A report from Forrester into the infrastructure-as-a-service (IaaS) industry has found growth far lower than predicted, and a worrying disconnect between those buying the services and the IT departments supposed to be administering them.
Only six per cent of the companies surveyed had even limited IaaS implementations, and just seven per cent were planning to adopt such systems by this time next year.
But the majority of services are not being bought via formal IT procurement for expected tasks like transaction handling and analysis applications, the report found.
Adoption is instead coming from informal purchases by departments or individuals, largely for heavy compute or session applications.
Some 16 per cent of this latter group said they were purchasing IaaS services, compared to just six per cent of central IT departments.
"As an IT manager if you think you know what's going on in your company you may be wrong," Frank Gillett, principal analyst at Forrester, told V3.co.uk.
"Some people are not out of line, not breaking policy, and they're not going to put a load on the network. But if they are taking company information and putting it with third-party service providers without telling anyone, then that could well be an issue."
Realistically it would be counterproductive for IT managers to shut these systems down, he said. Instead they should map usage and make sure that security and corporate data policies are applied.
Overall, Gillett described the market as over-hyped, with low and uneven adoption rates for new applications and very little indication of large-scale shifts from installed infrastructures to cloud systems.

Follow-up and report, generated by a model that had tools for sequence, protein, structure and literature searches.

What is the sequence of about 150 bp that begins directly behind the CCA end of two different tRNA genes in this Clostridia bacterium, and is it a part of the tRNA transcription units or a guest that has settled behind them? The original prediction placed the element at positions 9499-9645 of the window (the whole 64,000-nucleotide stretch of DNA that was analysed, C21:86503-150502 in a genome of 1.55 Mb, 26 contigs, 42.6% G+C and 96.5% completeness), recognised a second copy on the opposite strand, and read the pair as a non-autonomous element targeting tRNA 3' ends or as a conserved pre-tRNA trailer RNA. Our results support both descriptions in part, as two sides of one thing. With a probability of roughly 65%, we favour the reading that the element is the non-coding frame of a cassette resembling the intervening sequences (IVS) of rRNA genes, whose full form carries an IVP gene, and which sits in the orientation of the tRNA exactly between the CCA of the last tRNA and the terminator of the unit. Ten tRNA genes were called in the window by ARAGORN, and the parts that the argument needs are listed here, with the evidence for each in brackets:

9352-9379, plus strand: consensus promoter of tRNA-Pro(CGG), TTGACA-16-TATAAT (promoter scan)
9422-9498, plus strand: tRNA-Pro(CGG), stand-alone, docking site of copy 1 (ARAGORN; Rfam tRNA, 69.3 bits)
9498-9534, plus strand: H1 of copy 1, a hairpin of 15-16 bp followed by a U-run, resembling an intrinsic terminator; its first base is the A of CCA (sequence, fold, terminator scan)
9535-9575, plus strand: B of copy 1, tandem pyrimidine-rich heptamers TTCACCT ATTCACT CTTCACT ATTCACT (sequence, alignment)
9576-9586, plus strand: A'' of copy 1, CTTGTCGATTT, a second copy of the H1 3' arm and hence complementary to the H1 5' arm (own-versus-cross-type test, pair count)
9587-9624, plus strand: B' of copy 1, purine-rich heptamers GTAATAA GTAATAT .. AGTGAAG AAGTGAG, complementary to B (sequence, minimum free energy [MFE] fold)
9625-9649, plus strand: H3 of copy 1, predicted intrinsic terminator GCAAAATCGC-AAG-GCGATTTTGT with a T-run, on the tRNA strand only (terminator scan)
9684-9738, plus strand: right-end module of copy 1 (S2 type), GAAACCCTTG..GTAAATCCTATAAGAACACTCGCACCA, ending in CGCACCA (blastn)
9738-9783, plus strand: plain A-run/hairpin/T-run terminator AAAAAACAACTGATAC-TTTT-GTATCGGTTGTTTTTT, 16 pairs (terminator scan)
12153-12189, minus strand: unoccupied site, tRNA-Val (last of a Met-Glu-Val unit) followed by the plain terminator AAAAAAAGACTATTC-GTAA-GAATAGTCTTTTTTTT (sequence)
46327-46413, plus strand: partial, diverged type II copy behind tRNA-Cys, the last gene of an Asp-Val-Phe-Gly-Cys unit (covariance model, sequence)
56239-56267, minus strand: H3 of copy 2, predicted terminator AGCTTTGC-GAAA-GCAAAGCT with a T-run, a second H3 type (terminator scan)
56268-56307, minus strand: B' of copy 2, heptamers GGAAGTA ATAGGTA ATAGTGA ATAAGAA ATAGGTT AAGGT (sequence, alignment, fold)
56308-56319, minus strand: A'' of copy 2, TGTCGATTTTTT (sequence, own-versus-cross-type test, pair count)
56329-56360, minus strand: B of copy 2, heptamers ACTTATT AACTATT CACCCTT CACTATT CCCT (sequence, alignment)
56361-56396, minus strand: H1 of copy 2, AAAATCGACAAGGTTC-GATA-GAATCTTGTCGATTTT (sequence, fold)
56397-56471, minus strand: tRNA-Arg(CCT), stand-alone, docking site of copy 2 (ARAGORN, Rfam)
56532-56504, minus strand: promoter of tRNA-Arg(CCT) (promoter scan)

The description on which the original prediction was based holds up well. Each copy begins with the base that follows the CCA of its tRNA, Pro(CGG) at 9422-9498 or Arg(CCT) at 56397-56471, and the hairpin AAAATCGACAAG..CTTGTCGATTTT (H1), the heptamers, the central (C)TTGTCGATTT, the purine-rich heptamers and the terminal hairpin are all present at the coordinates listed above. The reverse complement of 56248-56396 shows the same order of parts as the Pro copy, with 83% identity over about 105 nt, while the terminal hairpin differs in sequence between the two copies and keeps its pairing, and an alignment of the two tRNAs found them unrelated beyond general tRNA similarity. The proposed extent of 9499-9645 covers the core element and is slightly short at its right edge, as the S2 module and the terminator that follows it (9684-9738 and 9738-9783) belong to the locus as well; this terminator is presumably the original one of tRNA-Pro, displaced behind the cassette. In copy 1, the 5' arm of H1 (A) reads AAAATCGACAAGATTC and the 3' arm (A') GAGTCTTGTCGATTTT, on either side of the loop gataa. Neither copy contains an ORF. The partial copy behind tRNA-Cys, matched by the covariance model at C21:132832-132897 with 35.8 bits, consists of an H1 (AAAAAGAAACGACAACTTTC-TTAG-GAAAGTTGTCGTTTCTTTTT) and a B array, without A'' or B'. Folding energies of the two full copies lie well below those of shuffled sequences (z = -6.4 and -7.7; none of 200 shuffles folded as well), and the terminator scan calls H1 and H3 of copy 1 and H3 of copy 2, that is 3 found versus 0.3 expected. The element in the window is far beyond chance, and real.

"Enterprises shouldn't feel bad if they don't have everything running on Amazon yet," he said.
"If confronted with being told to move everything onto IaaS, any IT manager will say that's nuts. It's feasible to think of it with a new use case or new app, but migration is much more challenging."
The relatively undeveloped state of the market means that criticism of Microsoft and HP that they came late to the IaaS market are unfounded, according to Gillett.
With such low levels of deployment there is plenty for time for these players, as well as smaller operators like Salesforce.com, to pitch for business.
Previous Forrester research has shown that Europe is even further behind the US in IaaS deployment. A report in January found that two per cent of European companies had any kind of IaaS use.
BT wants to make the public switched telephone network history within eight years
Personal data being purloined by third parties via Facebook Login API
MacOS and iOS are better off apart, says CEO Tim Cook
Or they'll no longer be entitled to updates and bug patches